x Abu Dhabi, UAESunday 23 July 2017

Pro League clubs need thousands more fans

Pro League football clubs are urgently looking for ways to attract bigger crowds in an attempt to hang on to their four places in the Asian Champions League.

DUBAI // Pro League football clubs are urgently looking for ways to attract bigger crowds in an attempt to hang on to their four places in the Asian Champions League. Average attendance last season, the UAE's first for professional football, was 2,120 - enough to win slots in region's most prestigious club competition for the nation's best four teams. But for this season, the Asian Football Confederation, which runs the AFL Champions League, has raised its gate requirement from 2,000 to 5,000.

Failure to reach that target will see the qualifying number reduced, possibly to just the team that tops the Pro League. Ideas being considered include improvements to stadiums, television commentary in English and an expatriate league to increase interest in the game. Since taking over as chairman of the Dubai-based Al Nasr Club this summer, Sheikh Maktoum bin Hasher has made attracting non-Emiratis his top priority,

"We are in a country where 80 per cent of our population is non-local and we want to give them a greater sense of belonging," he said. "We have to satisfy the requirements of every segment of our society, while preserving the rights of the locals, without making the local population overwhelmed. That can be done, it is achievable." Nasr has created an expatriate team, who played their first match last night.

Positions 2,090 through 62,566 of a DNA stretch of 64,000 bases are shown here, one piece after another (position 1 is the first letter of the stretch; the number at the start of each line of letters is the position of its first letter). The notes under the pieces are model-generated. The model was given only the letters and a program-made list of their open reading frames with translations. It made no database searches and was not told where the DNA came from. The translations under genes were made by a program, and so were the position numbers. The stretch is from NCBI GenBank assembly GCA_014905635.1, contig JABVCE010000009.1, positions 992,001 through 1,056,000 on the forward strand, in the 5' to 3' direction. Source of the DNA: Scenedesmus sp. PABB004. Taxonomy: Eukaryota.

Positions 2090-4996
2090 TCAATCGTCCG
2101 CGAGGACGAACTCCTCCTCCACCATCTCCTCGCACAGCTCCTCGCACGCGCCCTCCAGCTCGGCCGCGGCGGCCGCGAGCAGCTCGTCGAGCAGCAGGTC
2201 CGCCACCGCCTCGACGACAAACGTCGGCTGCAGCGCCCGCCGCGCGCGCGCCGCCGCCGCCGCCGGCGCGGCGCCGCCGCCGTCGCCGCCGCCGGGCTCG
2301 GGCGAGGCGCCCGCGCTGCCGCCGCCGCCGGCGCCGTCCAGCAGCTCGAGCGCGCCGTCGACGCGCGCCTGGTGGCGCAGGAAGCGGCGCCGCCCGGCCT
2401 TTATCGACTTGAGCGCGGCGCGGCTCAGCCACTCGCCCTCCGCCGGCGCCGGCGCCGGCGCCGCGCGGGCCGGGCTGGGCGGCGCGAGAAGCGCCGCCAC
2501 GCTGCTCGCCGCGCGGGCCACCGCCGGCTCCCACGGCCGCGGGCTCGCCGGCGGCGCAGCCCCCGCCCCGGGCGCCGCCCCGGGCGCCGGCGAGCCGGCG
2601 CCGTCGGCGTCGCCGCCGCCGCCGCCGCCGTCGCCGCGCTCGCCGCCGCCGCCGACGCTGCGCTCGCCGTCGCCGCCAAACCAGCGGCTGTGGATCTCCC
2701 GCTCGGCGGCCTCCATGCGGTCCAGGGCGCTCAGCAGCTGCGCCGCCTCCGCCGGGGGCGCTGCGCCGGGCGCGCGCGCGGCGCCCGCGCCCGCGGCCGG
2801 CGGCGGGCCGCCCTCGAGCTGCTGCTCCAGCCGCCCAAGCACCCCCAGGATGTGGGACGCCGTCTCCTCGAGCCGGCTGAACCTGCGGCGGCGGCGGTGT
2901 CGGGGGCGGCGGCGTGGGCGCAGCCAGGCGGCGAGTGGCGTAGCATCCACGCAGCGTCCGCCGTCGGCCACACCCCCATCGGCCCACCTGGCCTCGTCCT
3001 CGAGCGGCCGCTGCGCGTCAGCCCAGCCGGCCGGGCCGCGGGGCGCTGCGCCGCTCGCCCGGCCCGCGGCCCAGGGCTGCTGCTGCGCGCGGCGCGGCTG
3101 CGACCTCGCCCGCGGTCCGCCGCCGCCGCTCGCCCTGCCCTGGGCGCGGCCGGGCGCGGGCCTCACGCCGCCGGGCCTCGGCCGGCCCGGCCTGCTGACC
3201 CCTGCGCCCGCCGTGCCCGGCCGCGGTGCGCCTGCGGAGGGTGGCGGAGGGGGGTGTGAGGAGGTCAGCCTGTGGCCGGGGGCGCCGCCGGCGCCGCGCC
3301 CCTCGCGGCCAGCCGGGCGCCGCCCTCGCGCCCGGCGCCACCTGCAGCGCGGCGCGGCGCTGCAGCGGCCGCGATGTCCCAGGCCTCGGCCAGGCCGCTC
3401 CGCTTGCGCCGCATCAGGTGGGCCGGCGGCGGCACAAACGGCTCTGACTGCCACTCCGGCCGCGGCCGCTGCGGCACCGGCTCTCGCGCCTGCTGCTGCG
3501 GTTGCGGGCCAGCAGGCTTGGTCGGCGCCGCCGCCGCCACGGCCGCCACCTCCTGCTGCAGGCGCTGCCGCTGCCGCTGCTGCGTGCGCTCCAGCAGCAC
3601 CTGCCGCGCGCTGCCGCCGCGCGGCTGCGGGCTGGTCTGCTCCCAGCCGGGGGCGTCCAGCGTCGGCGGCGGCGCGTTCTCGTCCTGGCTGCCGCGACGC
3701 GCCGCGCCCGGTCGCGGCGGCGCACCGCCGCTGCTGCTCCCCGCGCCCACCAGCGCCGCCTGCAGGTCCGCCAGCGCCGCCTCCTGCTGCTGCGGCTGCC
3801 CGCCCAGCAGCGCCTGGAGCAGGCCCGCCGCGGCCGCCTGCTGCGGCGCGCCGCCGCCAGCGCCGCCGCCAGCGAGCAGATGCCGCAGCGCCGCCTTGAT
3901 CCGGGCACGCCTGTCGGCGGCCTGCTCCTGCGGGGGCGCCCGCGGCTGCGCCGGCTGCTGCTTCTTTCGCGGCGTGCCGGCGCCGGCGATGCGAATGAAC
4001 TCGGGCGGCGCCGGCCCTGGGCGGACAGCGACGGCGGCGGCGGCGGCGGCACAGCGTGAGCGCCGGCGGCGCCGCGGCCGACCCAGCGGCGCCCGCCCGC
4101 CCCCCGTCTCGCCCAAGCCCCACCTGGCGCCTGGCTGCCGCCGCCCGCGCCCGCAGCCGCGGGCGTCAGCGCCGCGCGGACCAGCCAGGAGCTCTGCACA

The expatriates played against the visiting Young Academy team from Cameroon. Sheikh Maktoum is also pressing the UAE Football Association to start an expatriate league. Better communication and facilities are the goals for Ahmed Khalifa Hammad, the chief executive of Al Ahli. "The attendance at games last season is certainly a worry," he said, and listed a number of factors, including entry fees, the attitude of fans and the lack of proper facilities for women and families.

"Before the start of the professional league, fans could enter for free," he said. "Last year we introduced a ticketing system and fans have to pay to watch. The challenge will be to change the mentality of the fans" Expatriates were happy to pay, but were hampered by a lack of information. "I sometimes have visitors over from the UK who would definitely be interested," said Anita Calcraft, a football fan from Britain.

"But there's an absence of information in English. I usually find out there's a match after the event when I'm stuck in a traffic jam." This problem has not escaped the attention of Romy Gai, the chief executive of the Pro League. "We face the risk of remaining just a local product," he said. "We need to open our arms to the international community. We are going to start broadcasting in English." Mr Hammad said he also believed the timing of games was often awkward for supporters.

"Games were scheduled in the middle of the week, or during school and college exams." Although the Pro League has taken the concerns on board, Mr Gai said: "You cannot solve this problem with a flick of your fingers." @Email:arizvi@thenational.ae